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Vikings position-by-position offseason primer: the quarterbacks

Teddy Bridgewater was far from spectacular in his second NFL season. But the Vikings, with the league’s leading rusher in Adrian Peterson and coach Mike Zimmer’s top-10 defense, usually didn’t need him to be.

After the Vikings leaned heavily on Bridgewater in the second half of the 2014 season, he attempted more than 30 passes in just six games.

While Zimmer scoffed at the “game manager” label for Bridgewater, he was exactly that in 2015. He attempted a ton of high-percentage throws and was hyper-conscious of avoiding turnovers at the request of the coaching staff.

That allowed the Vikings to grind out low-scoring wins, and team success surely helped Bridgewater make the Pro Bowl as an injury replacement.

Overall, Bridgewater completed 65.3 percent of his throws for 3,231 yards and 14 touchdowns. He threw nine interceptions and lost three of his eight fumbles. He added 192 yards and three touchdowns on the ground.

Those passing numbers are pretty respectable considering the Vikings ranked last in the NFL in passing attempts. But expectations are high for the 2014 first-round pick, and the hope is he will take a leap forward this upcoming season after displaying slow, subtle progress in 2015.

Vikings free agents: All three quarterbacks are under contract for 2016.

Level of need: Low. The Vikings must produce a long-term backup behind Bridgewater and are receptive to taking a developmental prospect later in the draft. But Shaun Hill should be a suitable No. 2 for another season.

Stat that stands out:37.5 — Bridgewater’s accuracy percentage on passes thrown 20 or more yards downfield in 2015, according to Pro Football Focus. That percentage ranked 23rd in the league. Deep-ball accuracy has arguably been Bridgewater’s biggest weakness in his first two seasons.

Burning question: Will the Vikings utilize the shotgun more and put more back on Bridgewater’s plate? They favored a shotgun spread attack in the first four weeks of the season, but after Peterson struggled to run out of the shotgun, the Vikings operated under center more often after their bye week. Peterson said after the season that he needs to become a better fit in the offense, which suggests they could be shotgun-heavy in 2016.

Check out the Access Vikings blog tomorrow for a look at the running backs.

Decision looms for Vikings on tackle Matt Kalil

Of the many decisions the NFC North champions must make this offseason, one of the more interesting ones centers on left tackle Matt Kalil.

Last offseason, the Vikings exercised their fifth-year option on Kalil, the fourth overall pick in the 2012 draft. That gave them contractual control of Kalil for 2016, which will be the final year of his rookie deal.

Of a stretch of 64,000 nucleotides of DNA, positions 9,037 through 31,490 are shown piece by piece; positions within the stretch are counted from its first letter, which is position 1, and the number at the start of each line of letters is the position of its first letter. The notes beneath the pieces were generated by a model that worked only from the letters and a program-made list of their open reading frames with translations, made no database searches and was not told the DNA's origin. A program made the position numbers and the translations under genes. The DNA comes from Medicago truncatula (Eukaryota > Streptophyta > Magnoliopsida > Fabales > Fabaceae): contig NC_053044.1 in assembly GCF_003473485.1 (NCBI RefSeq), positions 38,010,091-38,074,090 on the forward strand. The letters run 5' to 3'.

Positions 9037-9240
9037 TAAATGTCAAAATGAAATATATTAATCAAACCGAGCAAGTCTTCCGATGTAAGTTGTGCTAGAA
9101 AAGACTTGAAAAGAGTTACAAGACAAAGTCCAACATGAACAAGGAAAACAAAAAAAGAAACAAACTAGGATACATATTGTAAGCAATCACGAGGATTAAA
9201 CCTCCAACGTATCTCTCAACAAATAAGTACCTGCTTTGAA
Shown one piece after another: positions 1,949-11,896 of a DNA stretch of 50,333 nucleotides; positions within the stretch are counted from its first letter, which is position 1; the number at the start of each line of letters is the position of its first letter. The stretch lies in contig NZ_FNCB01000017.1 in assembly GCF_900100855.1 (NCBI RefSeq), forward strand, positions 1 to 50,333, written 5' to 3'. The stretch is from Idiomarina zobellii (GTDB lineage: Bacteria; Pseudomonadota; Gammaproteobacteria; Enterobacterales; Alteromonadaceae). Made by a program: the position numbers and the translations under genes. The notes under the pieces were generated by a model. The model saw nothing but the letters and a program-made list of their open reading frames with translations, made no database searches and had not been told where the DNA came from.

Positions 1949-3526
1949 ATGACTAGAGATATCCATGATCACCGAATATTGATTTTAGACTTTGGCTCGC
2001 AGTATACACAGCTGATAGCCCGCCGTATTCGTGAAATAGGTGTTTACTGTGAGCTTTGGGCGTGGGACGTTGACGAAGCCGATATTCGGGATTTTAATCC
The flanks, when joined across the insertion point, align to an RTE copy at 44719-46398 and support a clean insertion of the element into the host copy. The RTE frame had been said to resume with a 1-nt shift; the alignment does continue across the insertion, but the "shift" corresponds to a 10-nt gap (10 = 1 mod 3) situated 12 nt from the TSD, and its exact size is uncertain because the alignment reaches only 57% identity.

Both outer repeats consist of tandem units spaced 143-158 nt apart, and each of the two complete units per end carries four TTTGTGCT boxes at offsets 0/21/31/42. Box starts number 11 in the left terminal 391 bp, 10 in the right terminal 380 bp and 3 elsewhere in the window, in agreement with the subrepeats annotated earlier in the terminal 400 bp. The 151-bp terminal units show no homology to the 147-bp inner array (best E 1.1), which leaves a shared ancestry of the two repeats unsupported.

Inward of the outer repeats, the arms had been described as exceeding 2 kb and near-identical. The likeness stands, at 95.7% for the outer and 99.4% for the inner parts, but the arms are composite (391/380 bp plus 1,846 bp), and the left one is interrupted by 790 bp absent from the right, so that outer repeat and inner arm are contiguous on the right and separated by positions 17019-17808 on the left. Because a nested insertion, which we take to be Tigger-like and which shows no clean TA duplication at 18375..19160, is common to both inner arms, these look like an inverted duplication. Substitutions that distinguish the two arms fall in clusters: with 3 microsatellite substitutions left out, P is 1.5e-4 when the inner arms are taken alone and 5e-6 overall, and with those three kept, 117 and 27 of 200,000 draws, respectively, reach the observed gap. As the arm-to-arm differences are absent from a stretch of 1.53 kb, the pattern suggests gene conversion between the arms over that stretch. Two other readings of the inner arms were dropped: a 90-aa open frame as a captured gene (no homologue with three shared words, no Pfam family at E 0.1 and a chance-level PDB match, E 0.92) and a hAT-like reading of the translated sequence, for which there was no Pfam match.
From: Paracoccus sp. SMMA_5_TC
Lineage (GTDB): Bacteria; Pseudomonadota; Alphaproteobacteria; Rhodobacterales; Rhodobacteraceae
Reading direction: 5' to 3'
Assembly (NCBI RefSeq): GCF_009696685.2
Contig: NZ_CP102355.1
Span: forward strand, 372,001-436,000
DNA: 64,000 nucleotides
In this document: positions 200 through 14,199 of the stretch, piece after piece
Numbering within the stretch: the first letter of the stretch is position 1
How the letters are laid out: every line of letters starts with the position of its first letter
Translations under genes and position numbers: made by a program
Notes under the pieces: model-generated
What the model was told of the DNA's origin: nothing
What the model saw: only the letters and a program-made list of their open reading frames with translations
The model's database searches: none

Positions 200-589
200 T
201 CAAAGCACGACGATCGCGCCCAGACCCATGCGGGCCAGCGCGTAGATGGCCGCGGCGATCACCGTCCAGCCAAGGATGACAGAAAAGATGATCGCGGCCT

Because Kalil was a top-10 pick at a premium position, his option figure is an $11.1 million base salary, which would make him one of the NFL’s highest-paid left tackles in 2016. That salary is only guaranteed for injury, though, and Kalil survived the 2015 season relatively unscathed.

So if the Vikings want, they can cut Kalil by the start of the league year on March 9 without any cap penalties and free up $11.1 million in space.

Now if you are rushing out the door to help Kalil pack his things, not so fast, my friend. The Vikings have good reason to keep him around.

Kalil rebounded from his abysmal 2014 season to play much better in 2015. He was still subpar, especially compared to the guy who made the Pro Bowl as a rookie. But his play is trending in the right direction, and maybe new offensive line coach Tony Sparano can coax quality play out of him.

Plus, the fact that he was such a high draft selection, not to mention the first pick general manager Rick Spielman made as the final say on draft day, means that Spielman probably won’t bail on Kalil before he has to.

Besides, the Vikings don’t have a better option on their roster at the moment, and it would be a gamble for them to give up on Kalil now and hope that they find a suitable replacement in free agency or the draft.

Last night’s Super Bowl, with Broncos pass rushers Von Miller and DeMarcus Ware taking over the game, was yet another reminder of what can happen if you don’t have solid pass protectors at both tackle positions.

The Vikings have pledged to get better up front after neglecting that need last offseason. And they would be wise to invest in the tackle position no matter what. But we will see if they think cutting Kalil is part of the solution.

Super Bowl 50
Final, 2/7
1 2 3 4 F
Carolina 0 7 0 3 10
Denver 10 3 3 8 24

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